Marcie Robinson, LSW
For many in society, the perception of domestic and sexual abuse has existed as White women's or poor women's issues, but research does not support their perceptions. According to the Bureau of Justice statistics, African Americans experience rape and sexual assault, robbery, and aggravated assault at higher rates than other races (Bureau of Justice, 2001). Additionally, African American women are more likely to suffer the most severe violence in comparison to other groups (Williams, 1997). The risk of sexual assault is heightened even further for low-income and poorly educated women of color. Not only must African American victims of sexual assault face racism and sexism, they must also confront societal images of themselves that not only perpetuate the violence, but also serve as barriers to sexual assault services. Experts agree while many victims share painful similarities in the cycle of violence, African American victims, and African American women in particular face staggering cultural and racial odds.
Destructive images and unrealistic expectations contribute to the physical, emotional, and sexual abuse of African American women. They have been chronicled as long suffering victims, fueling society's perceptions of them as passive and vulnerable to abuse. Barbara Smith, a feminist scholar, summed up this thought with her quote, "…it is not something we have done that has heaped this psychic violence and material abuse upon us, but the very fact, that because of who we are, we are multiply oppressed, " (White, 1994). Despite a history that includes heroines like Oprah Winfrey, Maya Angelou, Barbara Jordan, and Marian Wright Edelman; images of African American women are often reduced to self-sacrificing servants, sexually irresponsible predators, and domineering "bitches." Assistant Professor Carolyn West of the University of Washington-Tacoma identifies three representations of African American women- Mammy, Sapphire, and Jezebel (1997). These images can perpetuate the victimization of African American women.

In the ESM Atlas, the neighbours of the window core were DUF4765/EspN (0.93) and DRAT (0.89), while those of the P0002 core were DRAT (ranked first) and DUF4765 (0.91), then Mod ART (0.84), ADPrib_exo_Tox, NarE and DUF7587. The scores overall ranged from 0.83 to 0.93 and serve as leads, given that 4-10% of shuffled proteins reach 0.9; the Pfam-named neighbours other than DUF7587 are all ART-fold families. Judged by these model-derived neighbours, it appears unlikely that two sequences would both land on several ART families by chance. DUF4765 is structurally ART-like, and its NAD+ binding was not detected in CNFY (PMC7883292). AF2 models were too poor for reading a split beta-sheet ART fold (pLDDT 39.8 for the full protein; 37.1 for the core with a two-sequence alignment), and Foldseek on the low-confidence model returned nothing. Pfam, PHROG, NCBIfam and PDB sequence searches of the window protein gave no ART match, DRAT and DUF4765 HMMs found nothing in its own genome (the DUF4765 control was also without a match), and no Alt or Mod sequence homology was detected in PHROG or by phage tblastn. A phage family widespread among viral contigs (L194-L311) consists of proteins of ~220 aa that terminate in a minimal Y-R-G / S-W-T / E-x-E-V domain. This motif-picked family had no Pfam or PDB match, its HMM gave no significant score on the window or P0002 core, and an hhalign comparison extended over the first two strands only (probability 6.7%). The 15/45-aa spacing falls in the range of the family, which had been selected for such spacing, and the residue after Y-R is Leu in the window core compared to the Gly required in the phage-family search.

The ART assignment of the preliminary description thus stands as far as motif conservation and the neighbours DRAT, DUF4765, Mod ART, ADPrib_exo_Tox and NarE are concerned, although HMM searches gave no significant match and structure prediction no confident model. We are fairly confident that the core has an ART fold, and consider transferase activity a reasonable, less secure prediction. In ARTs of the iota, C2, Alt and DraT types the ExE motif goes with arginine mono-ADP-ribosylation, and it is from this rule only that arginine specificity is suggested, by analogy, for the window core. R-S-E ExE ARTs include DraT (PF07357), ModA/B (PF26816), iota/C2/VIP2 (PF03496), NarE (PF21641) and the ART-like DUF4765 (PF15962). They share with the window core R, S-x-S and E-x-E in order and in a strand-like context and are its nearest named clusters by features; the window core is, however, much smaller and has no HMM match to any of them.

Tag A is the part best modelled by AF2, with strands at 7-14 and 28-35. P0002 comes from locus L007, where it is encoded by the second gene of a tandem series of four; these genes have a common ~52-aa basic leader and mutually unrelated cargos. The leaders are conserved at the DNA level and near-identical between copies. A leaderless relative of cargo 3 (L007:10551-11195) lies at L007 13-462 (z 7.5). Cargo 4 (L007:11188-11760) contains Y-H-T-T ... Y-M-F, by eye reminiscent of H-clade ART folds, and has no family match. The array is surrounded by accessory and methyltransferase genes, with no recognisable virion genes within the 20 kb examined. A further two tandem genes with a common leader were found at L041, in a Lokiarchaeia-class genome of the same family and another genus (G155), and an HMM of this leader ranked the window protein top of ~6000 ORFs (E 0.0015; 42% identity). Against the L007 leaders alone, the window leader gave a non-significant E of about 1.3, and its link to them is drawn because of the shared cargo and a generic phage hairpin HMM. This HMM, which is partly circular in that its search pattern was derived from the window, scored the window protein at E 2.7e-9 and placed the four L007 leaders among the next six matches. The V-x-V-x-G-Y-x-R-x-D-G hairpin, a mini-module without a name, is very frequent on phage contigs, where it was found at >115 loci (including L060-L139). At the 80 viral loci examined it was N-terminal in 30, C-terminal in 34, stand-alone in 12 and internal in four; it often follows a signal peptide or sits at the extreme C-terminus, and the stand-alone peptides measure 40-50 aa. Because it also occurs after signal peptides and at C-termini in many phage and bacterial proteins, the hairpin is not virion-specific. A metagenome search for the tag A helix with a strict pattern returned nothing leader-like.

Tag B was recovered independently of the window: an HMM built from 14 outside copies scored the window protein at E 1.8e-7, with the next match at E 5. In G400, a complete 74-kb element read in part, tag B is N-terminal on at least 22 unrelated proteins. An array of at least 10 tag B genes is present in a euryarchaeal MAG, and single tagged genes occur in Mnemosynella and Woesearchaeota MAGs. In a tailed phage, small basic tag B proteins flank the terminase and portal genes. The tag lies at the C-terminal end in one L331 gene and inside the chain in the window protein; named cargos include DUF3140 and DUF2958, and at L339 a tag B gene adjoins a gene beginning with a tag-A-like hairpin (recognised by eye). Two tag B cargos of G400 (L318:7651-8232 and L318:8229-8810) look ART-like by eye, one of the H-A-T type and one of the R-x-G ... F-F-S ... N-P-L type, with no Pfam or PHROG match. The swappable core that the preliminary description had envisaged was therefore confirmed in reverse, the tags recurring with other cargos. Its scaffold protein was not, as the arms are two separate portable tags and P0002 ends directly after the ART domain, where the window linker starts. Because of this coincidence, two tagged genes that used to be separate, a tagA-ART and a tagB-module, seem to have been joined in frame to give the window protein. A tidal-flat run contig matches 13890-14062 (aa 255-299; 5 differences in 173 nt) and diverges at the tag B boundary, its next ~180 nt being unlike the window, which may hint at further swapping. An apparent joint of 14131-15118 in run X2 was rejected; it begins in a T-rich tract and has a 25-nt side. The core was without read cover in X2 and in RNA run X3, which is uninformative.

The Mammy image originated during slavery in the South and defined an African American woman as an asexual, obese, older woman with large breasts working in servitude. Her primary role was to be a subordinate who happily performed her domestic duties with a broad grin and no expectations of payment (West, 1997). Prissy, who "didn't know nothin' about birthin' no babies," in Gone With the Wind is an example of this societal image of African American women. The Mammy image contributes to African American women's struggle and shame surrounding their physical features such as skin color, hair texture, and weight, which are all contradictions to the White beauty standards. These sensitive subjects can be used as grounds for humiliation during verbal attacks to exert control over the women. African American women experience low self-esteem and believe they have few options to leaving abusive relationships or reporting sexual assaults.
The Mammy image further contributes to the strained role expectations for African American women. They are expected to fulfill multiple roles without having their own needs met and to endure the abuse caused by relatives, spouses, boyfriends, and others in their environments. Furthermore, they experience extreme amounts of loyalty to their abusers and feel pressure to endure the abuse rather than place their violent husbands or boyfriends in the criminal justice system. Some church members and community leaders encourage the abused African American woman to keep her family together despite the violence, linking their sensitivity to this negative depiction of women. Advocates and other service providers under the influence of this image overestimate the African American woman's ability to cope with abuse and believe African American women are accustomed to adversity (West, 1997).